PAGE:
PHOENIX (KSAZ) -- The writer of the "Dear Abby" column is facing some controversy over an advice she gave to to a couple who was struggling over the name of their future baby.
While the letter was published on September 13, renewed attention to the advice given came recently. In the letter, the spouse of a woman who was born and raised in India has a stated wish of giving the children names that are considered "Western", since they will live in the United States. Meanwhile, the wife wants to give their children Indian names.
As with most, if not all, of the letters sent to the column, the writer's identity is not revealed.
In response, the column's writer said popular names in one country "can cause problems for a child living in another one".
"Not only can foreign names be difficult to pronounce and spell, but they can also cause a child to be teased unmercifully...why saddle a kid with a name he or she will have to explain or correct with friends, teachers and fellow employees from childhood into adulthood?" the response read.
The response drew the outrage of Sikh activist Simran Jeet Singh, who equated the response as advice to parents to "whitewash" their kids' name if they want to be accepted.
Dear Twitter,— Simran Jeet Singh (@SikhProf) October 16, 2018
A famous advice columnist is telling people to whitewash their kid's names if they want to be accepted. How should I tell her that's wrong and racist?
Simran Jeet Singh pic.twitter.com/URNbMT5LZ7
In later tweets, Singh said he gave his girls traditional Sikh names, out of pride for their heritage, and also accused the writer of cultural imperialism.
We gave our girls traditional Sikh names because we are so proud of our heritage. I pray that they love themselves so much that they do the same. 💕— Simran Jeet Singh (@SikhProf) October 16, 2018
Cultural Imperialism: The form of oppression under which the dominant group gets to decide what is normal or acceptable or culturally good, and everything else is rendered deviant. -- Kate Henley Averett— Simran Jeet Singh (@SikhProf) October 17, 2018
Even television host Padma Lakshmi weighed in on the controversial advice.
Names have meaning. They have history. They tell us who we are and where we come from. The first step of colonization is to erase the heritage and culture of indigenous people. Advising someone against giving their child a “foreign name” is deeply racist and problematic. pic.twitter.com/fdGORIR06O— Padma Lakshmi (@PadmaLakshmi) October 17, 2018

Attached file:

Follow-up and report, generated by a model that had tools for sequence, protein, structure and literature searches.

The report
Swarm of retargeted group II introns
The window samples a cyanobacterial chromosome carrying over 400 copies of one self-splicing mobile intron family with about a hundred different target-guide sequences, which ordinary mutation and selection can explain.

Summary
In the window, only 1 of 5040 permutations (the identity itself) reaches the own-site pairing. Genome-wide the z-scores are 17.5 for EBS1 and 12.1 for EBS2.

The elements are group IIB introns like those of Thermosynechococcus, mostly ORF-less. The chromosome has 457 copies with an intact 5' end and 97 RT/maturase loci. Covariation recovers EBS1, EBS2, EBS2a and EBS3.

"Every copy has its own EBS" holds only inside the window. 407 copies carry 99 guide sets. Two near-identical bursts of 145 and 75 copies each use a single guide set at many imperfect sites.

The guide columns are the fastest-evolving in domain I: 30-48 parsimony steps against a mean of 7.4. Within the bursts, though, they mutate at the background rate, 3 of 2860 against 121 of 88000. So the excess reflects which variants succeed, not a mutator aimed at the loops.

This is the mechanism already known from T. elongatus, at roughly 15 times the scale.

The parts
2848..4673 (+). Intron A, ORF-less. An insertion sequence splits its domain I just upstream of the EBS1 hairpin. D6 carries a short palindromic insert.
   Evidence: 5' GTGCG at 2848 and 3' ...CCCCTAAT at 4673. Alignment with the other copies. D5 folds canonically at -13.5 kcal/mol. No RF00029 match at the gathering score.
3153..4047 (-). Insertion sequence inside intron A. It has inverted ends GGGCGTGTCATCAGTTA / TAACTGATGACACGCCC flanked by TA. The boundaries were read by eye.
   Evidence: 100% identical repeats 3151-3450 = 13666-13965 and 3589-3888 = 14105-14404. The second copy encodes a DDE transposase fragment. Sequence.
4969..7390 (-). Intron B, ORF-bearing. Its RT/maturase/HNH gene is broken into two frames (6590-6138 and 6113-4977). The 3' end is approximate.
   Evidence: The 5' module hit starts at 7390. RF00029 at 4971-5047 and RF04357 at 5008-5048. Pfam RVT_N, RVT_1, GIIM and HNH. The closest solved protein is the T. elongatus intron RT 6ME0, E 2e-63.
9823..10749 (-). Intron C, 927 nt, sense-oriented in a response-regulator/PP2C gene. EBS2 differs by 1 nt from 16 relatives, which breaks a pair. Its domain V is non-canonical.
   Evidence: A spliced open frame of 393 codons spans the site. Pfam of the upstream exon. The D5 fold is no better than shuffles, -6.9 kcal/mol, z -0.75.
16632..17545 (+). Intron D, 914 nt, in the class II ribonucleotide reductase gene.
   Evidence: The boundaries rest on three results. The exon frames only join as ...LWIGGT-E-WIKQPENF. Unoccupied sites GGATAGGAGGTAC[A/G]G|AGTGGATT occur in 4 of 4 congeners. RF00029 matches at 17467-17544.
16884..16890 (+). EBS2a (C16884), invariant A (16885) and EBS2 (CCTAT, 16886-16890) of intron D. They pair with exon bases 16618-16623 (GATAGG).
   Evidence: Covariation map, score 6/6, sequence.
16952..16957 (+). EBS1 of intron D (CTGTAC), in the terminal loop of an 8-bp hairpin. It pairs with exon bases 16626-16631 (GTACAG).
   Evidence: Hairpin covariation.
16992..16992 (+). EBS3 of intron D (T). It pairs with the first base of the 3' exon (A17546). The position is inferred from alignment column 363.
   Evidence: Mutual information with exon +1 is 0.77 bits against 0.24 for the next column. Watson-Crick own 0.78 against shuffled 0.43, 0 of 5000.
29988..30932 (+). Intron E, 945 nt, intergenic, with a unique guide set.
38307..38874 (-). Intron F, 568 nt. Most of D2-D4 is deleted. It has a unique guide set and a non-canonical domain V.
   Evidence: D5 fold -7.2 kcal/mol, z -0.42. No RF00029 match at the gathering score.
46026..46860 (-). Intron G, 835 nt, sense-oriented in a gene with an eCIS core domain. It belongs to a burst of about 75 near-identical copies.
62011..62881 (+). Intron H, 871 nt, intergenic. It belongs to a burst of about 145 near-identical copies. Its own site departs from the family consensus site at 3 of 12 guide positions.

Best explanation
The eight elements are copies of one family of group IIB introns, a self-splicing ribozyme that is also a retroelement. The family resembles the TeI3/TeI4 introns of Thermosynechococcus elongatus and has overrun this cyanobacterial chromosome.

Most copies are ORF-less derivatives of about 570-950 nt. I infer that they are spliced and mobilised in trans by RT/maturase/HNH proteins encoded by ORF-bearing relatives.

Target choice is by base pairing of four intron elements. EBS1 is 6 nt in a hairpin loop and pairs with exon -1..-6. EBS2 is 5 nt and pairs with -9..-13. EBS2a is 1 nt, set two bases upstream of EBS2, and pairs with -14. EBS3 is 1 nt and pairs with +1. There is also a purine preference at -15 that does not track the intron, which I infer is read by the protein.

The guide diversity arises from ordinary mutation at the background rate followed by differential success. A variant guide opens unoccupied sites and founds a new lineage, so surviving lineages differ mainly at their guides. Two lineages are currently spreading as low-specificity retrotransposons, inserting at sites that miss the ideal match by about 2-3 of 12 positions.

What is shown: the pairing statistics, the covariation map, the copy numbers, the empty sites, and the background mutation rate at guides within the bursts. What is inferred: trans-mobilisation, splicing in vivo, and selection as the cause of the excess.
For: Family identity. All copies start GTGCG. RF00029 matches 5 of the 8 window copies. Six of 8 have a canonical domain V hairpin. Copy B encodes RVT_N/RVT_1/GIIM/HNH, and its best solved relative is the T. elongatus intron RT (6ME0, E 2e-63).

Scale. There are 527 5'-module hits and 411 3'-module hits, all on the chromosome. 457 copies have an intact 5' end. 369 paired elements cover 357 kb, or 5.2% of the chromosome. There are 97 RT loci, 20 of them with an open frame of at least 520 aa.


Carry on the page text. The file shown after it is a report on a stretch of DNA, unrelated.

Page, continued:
Other Twitter users have criticized the columnist.
“Van Buren” might be beautiful in Dutch, but it sounds grating to my American ears. Maybe you should change it to something easier and more American like “mayo” or “wonder bread.” I’m just so concerned for your own good.— slim octavo (@slimoctavo) October 17, 2018
Is my name too ethnic for your America?— Dontae Mears (@realdontae) October 17, 2018
No thanks. Not interested in advice from a racist. So deeply disappointed in you. And done with you. Unless you issue an apology and take some racial sensitivity classes. And read about white supremacy, white privilege, imperialism, whitewashing, white hegemony, etc.— Huma Not Abedin (@hoomie24) October 17, 2018
You’re out of touch. That advice regarding Indian names was terrible and doesn’t reflect American, melting pot values. Your advanced age indicates you grew up in a racist time. Know that America is now a mix of a cultures and ethnicities.— Rekha Forever (@justrekhathings) October 17, 2018
One user even pointed out that "Abby" is a name with foreign roots.
Abigail, from the Hebrew name אֲבִיגַיִל / אֲבִיגָיִל Avigail, meaning "my father's joy" (alternatively "my father is exultation", or "my father is joy").— Nicholas Yenson 🏳️🌈 (@NicholasYenson) October 17, 2018
The writer has yet to respond to the controversy. According to the column's official website, the column is written by Jeanne Phillips, under the name "Abigail Van Buren".